Blogs | November 25, 2011

Why are some nations more inclined to bargain?

Tolga asks: Why are people in some nations more inclined to bargaining?


Ian answers: When I think of bargaining, an image springs to mind of a shopper buying food, clothes or other items in a market, haggling to get a cheaper deal. It happens in other situations as well – formal house price negotiations are an example. But bargaining does seem to be more prevalent in some cultures.

This can become obvious when a tourist wanders into a market in different country to strike a deal under local conditions. And even at home, there may be more bargaining than you first think, once you stop to look for it.

Time is money
When first considering how to answer your question, I thought we might need to enlist the help of an anthropologist. Economists have been known to turn to these specialists to help explain why people behave as they do. Indeed, one of the most prominent journalists at the Financial Times, Gillian Tett, trained as an anthropologist. However, as I do not have the skills of an anthropologist, it would be better to restrict myself to economics. 

The straight economics answer to why people in some nations are more inclined to bargain may be that actually doing the bargaining takes time. And time is money. In countries where people are paid higher hourly wages, it may not be worth taking the time to haggle. Advertising and research in-store and online provides information needed to compare prices between retailers to, usually, get a reasonable price.

But that straight economics answer leaves me cold. Some questions remain unanswered. Even in wealthier countries, there are open-air markets and clear evidence of bargaining. There are also some goods and services that people bargain for regularly. Motorists rarely buy a car for the price shown on the windscreen, for example, so haggling is both acceptable and expected.

Market forces
The economist John List – who, by the way, has a webpage with entertaining cartoons that illustrate his areas of academic interest – studied buyers and sellers in open-air markets in the United States and found a variety of behaviours from sellers. Among his findings was a difference in the starting price of a market negotiation depending on how well dressed a person was, their ethnicity, whether the market was busy and the time of day.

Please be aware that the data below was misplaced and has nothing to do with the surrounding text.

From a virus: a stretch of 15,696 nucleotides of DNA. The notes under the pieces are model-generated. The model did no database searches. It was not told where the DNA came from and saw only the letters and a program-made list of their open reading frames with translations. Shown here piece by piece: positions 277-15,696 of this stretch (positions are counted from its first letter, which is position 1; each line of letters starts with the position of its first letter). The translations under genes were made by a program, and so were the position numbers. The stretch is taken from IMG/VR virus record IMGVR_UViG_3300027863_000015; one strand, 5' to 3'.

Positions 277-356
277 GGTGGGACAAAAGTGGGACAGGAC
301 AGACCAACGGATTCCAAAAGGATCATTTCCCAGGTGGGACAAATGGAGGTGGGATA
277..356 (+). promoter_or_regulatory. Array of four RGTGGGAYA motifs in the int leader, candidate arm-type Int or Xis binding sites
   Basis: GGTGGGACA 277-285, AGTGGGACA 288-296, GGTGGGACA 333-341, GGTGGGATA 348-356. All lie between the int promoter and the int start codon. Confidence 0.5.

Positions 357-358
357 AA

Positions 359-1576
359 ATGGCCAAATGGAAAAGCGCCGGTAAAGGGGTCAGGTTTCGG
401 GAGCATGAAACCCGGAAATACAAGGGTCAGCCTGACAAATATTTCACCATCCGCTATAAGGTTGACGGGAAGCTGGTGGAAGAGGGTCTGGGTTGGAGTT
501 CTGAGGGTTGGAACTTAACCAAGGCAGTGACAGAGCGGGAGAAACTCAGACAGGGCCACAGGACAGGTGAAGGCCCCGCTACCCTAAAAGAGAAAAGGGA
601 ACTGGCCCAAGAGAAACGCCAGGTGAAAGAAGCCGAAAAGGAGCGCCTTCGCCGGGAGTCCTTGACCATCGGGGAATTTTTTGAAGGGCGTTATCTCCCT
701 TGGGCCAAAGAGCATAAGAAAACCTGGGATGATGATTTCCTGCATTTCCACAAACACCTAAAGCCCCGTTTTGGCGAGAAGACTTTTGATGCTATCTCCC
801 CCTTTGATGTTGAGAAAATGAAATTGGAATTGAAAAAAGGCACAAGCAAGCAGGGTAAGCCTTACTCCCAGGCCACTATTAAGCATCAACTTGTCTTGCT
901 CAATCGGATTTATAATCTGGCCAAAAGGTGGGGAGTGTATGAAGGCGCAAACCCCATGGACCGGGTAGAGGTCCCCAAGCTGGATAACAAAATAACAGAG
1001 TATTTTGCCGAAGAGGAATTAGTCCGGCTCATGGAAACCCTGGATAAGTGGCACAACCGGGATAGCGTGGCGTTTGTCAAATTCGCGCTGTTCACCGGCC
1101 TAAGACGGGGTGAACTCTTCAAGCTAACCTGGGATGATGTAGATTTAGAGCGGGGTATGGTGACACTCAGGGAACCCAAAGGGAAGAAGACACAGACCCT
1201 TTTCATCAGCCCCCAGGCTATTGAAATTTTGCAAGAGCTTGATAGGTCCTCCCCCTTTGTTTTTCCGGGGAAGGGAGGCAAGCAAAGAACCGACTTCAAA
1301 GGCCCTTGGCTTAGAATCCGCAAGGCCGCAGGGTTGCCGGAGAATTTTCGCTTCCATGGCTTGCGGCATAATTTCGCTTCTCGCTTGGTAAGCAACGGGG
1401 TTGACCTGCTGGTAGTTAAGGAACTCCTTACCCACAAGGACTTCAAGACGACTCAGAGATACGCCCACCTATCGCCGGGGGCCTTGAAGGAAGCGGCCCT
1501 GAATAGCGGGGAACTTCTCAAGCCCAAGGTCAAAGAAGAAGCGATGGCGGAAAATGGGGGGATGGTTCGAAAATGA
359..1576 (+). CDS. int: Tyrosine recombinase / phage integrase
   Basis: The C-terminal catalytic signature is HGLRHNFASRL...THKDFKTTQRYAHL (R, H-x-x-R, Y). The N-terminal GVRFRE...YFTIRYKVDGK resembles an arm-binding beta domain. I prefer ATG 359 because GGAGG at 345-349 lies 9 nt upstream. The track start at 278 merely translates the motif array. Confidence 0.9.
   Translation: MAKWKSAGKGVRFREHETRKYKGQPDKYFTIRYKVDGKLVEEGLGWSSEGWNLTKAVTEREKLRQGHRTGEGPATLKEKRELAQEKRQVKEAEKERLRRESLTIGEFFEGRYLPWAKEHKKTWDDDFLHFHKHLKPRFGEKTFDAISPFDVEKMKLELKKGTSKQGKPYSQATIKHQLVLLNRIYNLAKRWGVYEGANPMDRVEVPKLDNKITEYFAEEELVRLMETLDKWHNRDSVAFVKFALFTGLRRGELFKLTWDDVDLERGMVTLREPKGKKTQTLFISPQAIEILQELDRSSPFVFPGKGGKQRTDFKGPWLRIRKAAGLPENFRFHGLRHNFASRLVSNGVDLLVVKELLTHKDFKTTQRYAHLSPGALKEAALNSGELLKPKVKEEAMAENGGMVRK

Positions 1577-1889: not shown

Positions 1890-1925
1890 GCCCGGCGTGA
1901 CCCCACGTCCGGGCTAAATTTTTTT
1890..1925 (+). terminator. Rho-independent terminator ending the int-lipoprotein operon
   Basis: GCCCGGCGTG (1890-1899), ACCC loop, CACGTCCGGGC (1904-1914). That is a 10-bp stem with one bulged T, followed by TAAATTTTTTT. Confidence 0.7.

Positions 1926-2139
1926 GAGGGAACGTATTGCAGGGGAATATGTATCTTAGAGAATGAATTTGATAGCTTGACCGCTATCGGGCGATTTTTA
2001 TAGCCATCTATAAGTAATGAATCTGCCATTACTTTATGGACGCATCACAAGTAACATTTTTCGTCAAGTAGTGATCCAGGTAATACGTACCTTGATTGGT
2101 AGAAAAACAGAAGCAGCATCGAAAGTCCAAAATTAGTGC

eZonomics summarised the 2009 paper soon after it was released and suggested it may pay to dress down and go to markets on busy days. The research shows that, even in wealthier countries, bargaining happens, but perhaps not as obviously as elsewhere.

For travellers, research into local customs can pay dividends. We’ve written about Yale political science and economics assistant professor Chris Blattman’s experience negotiating fares for unmetered taxis in Ethiopia's capital city Addis Abeba. He describes a “national bargaining fraction” that indicates the typical price movement when haggling, which varies from place to place.

Knowledge is power
A fascinating anecdote emerged in a speech by then UK Financial Services Authority chairman Howard Davies in 2001. Davies said people would negotiate over half a tank of fuel being included in the sale of a car – then accept a financial deal to buy the vehicle that could easily be bettered by going elsewhere. Davies also cited US research suggesting that “a family on average incomes could easily save about five percent of their net income by managing their finances more effectively”.

The tale of the car buyers illustrates that people are more inclined to bargain on products that they know about. Arguably, they had a good idea of how much they should pay for the car but little information about interest rates and other financial terms. Knowledge is critical when bargaining.

Is cheaper best?
My most recent bargaining experience involved the renewal of my car insurance contract. In this case, I embraced technology and used an online price comparison site to research, with the possibility of going back to my original supplier to ask them to match a lower price. The process took my spare time over several days, so some people might find that the opportunity cost is too high and the convenience of a simple policy renewal wins out over the prospect of getting a lower price.

It is also important to note that cheaper is not always the best in these circumstances.

A lot of my time was spent closely reading the proposed contracts noting both the fine as well as the large print. Unlike bargaining for a car or for jewellery in a bazaar, it tends to be much more difficult to compare financial products.

One of the lessons to be learnt is that effective bargaining requires knowledge no matter where in the world you are. So to get the best deal on taxi fares, market stall vegetables, financial products or other items and make your bargaining worthwhile, spend some time researching what you expect to pay. And learn from those car buyers who put too much focus on a tank of gas at the expense of their wider financial situation.

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Ian Bright
Ian Bright

Senior economist at ING
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